used for devising the modern-day cognitive behavioral therapies. To get a
comprehensive understanding on this theory, one should read The Cognitive Theory
of Depression by Aaron Beck.
The history of cognitive behavioral therapy remains incomplete without
the mention of Albert Bandura, the famous psychologist from Canada
who has given valuable inputs to cognitive development theory. As per
his learnings, the cognitive behavior of a man is greatly factored by
aggression, which is an outcome of restricted emotions that have been
bottled up for quite some time. His theory of cognitive behavior in
humans mainly revolved around the concept of observation, attention
and retention. He further stated that a person develops his instincts,
intelligence and beliefs from his cognitive mind mapping (includes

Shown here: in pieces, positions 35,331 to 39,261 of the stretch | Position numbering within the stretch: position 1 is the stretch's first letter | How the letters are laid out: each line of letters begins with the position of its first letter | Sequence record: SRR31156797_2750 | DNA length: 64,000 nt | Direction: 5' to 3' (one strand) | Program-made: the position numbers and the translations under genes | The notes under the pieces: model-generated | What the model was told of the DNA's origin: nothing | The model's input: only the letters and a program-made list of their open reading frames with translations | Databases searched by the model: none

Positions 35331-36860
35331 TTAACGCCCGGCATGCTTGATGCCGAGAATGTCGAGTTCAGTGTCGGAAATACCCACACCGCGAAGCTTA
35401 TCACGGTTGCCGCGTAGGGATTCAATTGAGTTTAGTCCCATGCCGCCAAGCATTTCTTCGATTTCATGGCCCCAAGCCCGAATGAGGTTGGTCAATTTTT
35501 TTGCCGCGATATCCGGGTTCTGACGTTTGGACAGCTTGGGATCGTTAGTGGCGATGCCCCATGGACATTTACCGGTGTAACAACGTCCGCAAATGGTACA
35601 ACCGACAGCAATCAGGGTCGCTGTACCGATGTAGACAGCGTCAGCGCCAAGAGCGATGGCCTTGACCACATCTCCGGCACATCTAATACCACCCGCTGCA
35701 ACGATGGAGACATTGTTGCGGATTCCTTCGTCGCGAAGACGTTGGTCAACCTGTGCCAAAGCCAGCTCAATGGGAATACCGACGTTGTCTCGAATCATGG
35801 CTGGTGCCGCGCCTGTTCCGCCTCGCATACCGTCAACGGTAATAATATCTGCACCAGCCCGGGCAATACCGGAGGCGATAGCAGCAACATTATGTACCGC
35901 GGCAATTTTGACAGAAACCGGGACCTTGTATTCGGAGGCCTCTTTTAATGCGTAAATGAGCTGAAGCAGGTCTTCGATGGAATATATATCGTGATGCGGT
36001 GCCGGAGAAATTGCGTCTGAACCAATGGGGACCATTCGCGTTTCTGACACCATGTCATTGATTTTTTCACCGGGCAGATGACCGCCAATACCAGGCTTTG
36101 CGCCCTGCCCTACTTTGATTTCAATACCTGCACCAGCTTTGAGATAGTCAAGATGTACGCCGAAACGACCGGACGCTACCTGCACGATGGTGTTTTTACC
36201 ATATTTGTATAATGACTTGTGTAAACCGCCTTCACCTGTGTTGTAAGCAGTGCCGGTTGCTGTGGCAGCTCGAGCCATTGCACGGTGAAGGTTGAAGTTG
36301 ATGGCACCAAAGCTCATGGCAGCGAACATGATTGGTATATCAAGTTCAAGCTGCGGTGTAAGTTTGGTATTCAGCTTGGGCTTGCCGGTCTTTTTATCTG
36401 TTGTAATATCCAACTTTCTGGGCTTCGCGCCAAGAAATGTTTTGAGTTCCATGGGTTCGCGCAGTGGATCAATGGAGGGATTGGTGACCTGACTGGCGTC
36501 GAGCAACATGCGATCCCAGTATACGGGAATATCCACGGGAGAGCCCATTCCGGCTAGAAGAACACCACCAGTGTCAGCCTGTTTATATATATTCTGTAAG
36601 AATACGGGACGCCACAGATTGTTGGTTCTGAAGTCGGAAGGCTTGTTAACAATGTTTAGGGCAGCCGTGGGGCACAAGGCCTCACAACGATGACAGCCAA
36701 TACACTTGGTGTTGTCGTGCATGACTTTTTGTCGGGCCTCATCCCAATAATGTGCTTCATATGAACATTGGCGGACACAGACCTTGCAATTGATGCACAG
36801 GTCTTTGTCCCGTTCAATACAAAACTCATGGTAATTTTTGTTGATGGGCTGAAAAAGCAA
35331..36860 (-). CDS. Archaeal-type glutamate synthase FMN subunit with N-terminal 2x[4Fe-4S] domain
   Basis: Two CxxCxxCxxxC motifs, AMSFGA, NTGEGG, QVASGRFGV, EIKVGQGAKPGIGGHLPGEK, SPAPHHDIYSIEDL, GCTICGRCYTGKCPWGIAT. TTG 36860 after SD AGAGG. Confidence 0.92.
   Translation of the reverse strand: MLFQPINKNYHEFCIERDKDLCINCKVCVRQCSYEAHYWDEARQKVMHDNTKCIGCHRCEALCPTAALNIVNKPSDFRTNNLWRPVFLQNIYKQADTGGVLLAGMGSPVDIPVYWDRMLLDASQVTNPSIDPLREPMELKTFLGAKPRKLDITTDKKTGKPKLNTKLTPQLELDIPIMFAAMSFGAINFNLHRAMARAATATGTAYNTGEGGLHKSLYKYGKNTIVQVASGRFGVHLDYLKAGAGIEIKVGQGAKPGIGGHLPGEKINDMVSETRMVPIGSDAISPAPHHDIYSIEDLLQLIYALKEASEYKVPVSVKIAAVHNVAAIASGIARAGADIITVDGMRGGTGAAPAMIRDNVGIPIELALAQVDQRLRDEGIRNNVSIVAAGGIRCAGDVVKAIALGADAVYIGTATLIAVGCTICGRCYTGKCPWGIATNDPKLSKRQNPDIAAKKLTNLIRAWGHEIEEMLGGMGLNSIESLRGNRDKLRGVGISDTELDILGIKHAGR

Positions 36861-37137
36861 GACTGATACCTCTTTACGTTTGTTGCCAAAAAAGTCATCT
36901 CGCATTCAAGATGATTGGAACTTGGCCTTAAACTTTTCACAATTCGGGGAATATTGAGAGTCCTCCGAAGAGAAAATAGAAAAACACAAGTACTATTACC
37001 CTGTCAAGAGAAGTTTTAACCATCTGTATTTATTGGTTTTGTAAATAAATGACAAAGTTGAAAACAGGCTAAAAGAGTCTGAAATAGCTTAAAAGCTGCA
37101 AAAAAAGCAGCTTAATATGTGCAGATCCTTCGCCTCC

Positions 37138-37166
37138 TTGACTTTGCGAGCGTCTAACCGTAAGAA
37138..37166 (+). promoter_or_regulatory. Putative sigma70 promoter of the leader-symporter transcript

observation of the environment around him). Say, a person observes an
incident. If it is interesting, he gives full attention to it and then retains it
in his memory if he finds it interesting. Then he tries to apply his
knowledge wherever his thought process allows him to. This is how the
behavioral patterns of a person develop. Albert Bandura's theories on
cognitive behavior have proved to be quite realistic. In 1977, Albert
Bandura was honored as the Father of Cognitive Theory.
So now that we know a little bit about the
history of this behavioral theory, let's
understand in detail about what this theory has
to say, in modern-day. Cognition, the term itself
means, to conceptualize, to know, to recognize.
Precisely, it is the thought process which covers
grasping the knowledge, remembering it,
applying it, developing beliefs on it, reasoning it